The more you know
Have you ever wished that there was a better way to keep up-to-date with all the developments and trends over at the Department of Buildings?
There might not be a whole lot of us, but fortunately, the Department of Buildings is always anticipating the needs and desires of its heavy-users (well, some of our needs and desires—we’re awaiting the day when we can see actually see PDFs of building plans online). They’ve started producing a monthly podcast! It’s called State of Construction.
We warned of a deluge of lawsuits surrounding the crane accident at One57, and it looks like the tide is already rising. A tipster sent Curbed a photo of a flyer seeking claimants for a suit against Extell, the contractors on the site and the city’s Department of Buildings. Turns out the attorney putting together the suit lives on West 58th Street and was evacuated during the accident. The sweetest revenge is judicial!
Before Hurricane Sandy even reached the Five Boroughs, the city was thrown into chaos when its prevailing winds knocked over the boom of the crane hanging off the side of the billionaire-beloved One57 condo tower. In our oral history of Hurricane Sandy, Fire Chief Sal Cassano told The Observer that was the moment the storm got serious. “That was pretty much the start of a very, very active and serious night,” Mr. Cassano said. “We had a four-alarm assignment for an incident that wasn’t even a fire.”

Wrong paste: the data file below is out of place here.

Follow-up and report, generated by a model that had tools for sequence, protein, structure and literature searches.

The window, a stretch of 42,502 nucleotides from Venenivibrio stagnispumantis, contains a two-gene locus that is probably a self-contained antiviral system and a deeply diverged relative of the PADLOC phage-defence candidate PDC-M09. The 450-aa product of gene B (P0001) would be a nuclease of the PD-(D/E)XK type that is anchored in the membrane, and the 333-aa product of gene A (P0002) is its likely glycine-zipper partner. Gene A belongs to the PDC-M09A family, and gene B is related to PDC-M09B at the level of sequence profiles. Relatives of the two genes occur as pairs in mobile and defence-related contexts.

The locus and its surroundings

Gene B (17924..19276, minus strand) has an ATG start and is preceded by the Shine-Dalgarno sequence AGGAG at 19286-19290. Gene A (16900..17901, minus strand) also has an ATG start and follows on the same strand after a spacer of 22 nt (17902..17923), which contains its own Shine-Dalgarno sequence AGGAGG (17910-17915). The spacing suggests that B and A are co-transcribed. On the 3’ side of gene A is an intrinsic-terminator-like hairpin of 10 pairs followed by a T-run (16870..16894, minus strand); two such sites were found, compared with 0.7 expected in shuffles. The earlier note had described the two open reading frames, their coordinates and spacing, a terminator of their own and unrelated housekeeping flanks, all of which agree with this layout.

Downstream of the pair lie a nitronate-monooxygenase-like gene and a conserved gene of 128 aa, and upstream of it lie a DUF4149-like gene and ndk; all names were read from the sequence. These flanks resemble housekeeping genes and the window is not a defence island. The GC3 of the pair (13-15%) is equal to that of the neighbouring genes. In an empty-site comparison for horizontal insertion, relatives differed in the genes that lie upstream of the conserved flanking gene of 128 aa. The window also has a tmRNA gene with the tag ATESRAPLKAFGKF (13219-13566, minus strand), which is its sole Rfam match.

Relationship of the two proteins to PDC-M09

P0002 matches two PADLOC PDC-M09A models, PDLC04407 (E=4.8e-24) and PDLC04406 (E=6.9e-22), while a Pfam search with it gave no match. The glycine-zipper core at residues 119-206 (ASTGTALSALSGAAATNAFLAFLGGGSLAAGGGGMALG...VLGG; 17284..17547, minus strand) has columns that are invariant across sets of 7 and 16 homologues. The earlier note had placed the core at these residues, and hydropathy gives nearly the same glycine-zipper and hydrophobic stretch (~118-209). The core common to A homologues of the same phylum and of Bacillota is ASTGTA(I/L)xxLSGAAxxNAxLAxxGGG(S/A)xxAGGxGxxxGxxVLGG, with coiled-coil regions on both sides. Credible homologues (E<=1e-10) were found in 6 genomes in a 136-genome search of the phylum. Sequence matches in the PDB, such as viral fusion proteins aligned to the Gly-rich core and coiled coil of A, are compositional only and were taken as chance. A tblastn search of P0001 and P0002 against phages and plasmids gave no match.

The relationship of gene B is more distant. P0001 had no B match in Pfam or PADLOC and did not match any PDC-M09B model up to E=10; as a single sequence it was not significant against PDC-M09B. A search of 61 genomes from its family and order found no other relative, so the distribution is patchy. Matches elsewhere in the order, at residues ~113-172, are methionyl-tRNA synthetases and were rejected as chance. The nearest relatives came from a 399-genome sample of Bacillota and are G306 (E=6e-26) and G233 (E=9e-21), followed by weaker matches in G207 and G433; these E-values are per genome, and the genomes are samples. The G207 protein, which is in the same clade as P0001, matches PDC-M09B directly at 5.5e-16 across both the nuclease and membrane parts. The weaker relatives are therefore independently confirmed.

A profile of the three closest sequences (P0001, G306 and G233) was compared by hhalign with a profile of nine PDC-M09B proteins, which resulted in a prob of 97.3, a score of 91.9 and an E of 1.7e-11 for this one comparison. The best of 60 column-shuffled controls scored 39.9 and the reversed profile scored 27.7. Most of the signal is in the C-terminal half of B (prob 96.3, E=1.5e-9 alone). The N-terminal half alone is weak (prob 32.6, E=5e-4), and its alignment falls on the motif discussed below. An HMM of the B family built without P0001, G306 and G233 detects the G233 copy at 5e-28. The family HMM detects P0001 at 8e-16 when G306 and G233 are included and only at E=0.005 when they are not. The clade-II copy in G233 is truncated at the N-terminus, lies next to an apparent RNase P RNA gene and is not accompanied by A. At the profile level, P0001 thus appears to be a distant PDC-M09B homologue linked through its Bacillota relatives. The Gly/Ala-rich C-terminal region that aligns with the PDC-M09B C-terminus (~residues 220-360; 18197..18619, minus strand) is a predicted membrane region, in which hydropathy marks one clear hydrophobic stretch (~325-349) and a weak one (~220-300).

Yesterday, The Times had a harrowing account of the moments surrounding the crane snapping. It includes the main city engineer on the scene saying he gave the boom a 20 percent chance of breaking off entirely and falling earthward. His boss, Buildings Commissioner Robert LiMandri, felt more secure, as he told The Observer during our interview for the oral history that, following some initial panic, he felt confident the boom would hold through the storm and the days ahead.
“We had made an estimate that, at the time, we knew the crane was not going to fall,” Mr. LiMandri said. “We felt very comfortable that the ties that held the mast up were intact, and that was a very good sign, knowing that the mast had not been compromised. We had some estimates on the iron chords that were holding the mast together to the balloon, so we were fairly comfortable that that part was secure.”
Well, the recovery continues faster than expected in New York. We’ve got subways almost miraculously coming back to life after flooding throughout the system, and now the securing of the crane boom dangling over West 57th Street has been completed a day ahead of schedule, wrapping up tonight rather than Monday night as the mayor had previously predicted.
It will still be weeks before the crane—whose boom was almost torn asunder during last week’s hurricane—can be removed and construction can resume on the billionaire-beloved One57 tower. Buildings Commissioner Robert LiMandri’s full statement on the operation is below.
The crane that snapped back at One57 is still hanging precariously over Midtown, but the city is preparing a plan to secure the boom on the billionaire-beloved building that will commence tomorrow and should be completed by Monday night, Mayor Bloomberg announced at his press briefing this afternoon.